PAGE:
Grown at the base of the Luye mountains in Southern Taiwan, this highly oxidized oolong is produced by a mother and son team who grown exceptional teas on their organic farm. The tightly rolled leaves unfurl to beautiful deep, black red and impart an aroma of sweet maple. The tea itself has notes of tangy red wine with an equalizing undertone of toasty cedar. Pro-tip: Don't miss out on the aroma of the pot when you pour the tea out, it intensifies as the ceramic cools.
Origin: Taitung, Taiwan
One of our most popular teas! The leaves of the Black Honey Oolong are gorgeous, curled, first-flush tips from the Luye township in Southern Taiwan. The aroma of the dry leaves is so sweet and intoxicating, but nothing compared to the steeped honey-like fragrance and flavor. This tea is grown on a single organic farm run by a woman and her son. The region is home to a type of bug called the leaf hopper, which bites the tea plants and sucks the nectar from the leaves, causing the fermentation process to begin while the leaves are still on the plants. When these leaves are plucked and oxidized, the result is a naturally honey-like sweetness within the leaf. Several other growing regions try to replicate this process, but this is where is occurs naturally.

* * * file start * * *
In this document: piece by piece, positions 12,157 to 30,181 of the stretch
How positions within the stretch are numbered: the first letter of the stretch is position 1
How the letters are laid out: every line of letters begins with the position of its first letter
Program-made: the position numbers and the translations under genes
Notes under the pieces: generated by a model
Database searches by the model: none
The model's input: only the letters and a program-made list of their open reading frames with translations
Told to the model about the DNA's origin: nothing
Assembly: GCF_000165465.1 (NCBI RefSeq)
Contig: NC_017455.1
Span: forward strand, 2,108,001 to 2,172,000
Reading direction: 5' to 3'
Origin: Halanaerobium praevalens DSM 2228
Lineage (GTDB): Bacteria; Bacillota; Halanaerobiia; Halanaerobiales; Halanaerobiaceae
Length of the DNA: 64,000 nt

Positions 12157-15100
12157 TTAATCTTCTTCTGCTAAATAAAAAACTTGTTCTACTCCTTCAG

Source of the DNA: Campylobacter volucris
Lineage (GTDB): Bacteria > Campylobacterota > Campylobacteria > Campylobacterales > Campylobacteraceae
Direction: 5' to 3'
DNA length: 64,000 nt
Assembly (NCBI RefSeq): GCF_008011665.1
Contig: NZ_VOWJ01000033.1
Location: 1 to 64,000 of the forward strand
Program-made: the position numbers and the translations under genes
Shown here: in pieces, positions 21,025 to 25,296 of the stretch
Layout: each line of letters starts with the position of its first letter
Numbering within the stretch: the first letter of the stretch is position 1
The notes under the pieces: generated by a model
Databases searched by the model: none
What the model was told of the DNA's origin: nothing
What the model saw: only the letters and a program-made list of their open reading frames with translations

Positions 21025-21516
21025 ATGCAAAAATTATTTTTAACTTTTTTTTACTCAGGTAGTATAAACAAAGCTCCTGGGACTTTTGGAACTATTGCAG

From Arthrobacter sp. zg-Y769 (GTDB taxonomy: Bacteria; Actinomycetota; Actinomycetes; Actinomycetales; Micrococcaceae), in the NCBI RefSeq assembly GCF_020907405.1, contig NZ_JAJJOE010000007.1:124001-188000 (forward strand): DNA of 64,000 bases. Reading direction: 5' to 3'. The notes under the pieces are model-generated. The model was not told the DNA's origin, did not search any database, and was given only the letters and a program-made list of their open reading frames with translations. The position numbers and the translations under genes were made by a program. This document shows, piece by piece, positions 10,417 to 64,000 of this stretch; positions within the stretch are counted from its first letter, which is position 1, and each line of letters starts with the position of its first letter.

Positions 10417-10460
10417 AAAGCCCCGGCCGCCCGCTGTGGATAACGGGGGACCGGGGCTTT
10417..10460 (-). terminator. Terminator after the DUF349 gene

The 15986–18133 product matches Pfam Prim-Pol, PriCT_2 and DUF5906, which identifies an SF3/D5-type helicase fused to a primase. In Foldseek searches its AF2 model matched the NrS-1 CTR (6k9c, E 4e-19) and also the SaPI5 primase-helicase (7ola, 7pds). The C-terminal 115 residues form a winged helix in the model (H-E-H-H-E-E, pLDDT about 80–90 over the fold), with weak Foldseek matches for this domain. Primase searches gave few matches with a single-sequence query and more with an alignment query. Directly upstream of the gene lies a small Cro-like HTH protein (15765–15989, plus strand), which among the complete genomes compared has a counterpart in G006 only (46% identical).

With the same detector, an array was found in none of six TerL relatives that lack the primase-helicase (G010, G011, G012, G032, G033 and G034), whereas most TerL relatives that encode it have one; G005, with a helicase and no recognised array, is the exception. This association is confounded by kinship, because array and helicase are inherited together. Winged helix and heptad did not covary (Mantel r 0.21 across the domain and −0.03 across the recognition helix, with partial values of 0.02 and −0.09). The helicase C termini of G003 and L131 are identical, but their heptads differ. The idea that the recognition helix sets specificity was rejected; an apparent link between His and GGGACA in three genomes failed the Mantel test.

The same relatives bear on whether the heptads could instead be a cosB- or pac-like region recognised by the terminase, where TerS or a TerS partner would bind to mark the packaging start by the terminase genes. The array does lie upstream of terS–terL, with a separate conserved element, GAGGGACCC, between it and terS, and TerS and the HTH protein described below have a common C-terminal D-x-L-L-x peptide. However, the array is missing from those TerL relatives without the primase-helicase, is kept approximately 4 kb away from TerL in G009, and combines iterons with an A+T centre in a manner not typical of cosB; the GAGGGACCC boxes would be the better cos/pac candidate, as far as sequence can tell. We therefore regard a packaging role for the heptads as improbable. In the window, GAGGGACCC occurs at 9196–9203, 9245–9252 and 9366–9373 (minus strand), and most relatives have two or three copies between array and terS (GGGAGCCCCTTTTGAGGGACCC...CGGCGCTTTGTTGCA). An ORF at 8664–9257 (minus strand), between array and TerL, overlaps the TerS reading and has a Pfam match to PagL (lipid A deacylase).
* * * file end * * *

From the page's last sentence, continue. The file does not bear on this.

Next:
Harvest: Summer, 2021
Origin: Luye, Taiwan
Picked and processed by hand in the small village of Xi Ping in Anxi, this expertly-crafted Tieguanyin is a perfect representation of the depth and complexity this tea can offer. This is an aged tea, plucked in the spring and roasted periodically over hot charcoal in bamboo baskets over the course of 6 years. The tea was harvested in 2016 and finished for us in 2021. The dried leaf gives off hints of toasted biscuits and soft magnolia blossoms. Once steeped, it exudes baked goods while preserving the underlying freshness of the green leaf. The mouthfeel is full bodied and silky and the flavor is crisp, sweet and warming with an herbaceous note reminiscent of squash blossoms. The warming sensation stays in your mouth and throat urges you to take another sip.
The leaf itself is medium-oxidized and plucked from old Tieguanyin plants that have been in the family for generations. The soil it grows in is rich with minerals which add to the depth and roundness of the flavor. Only a small quantity is available annually.
Origin: Anxi, China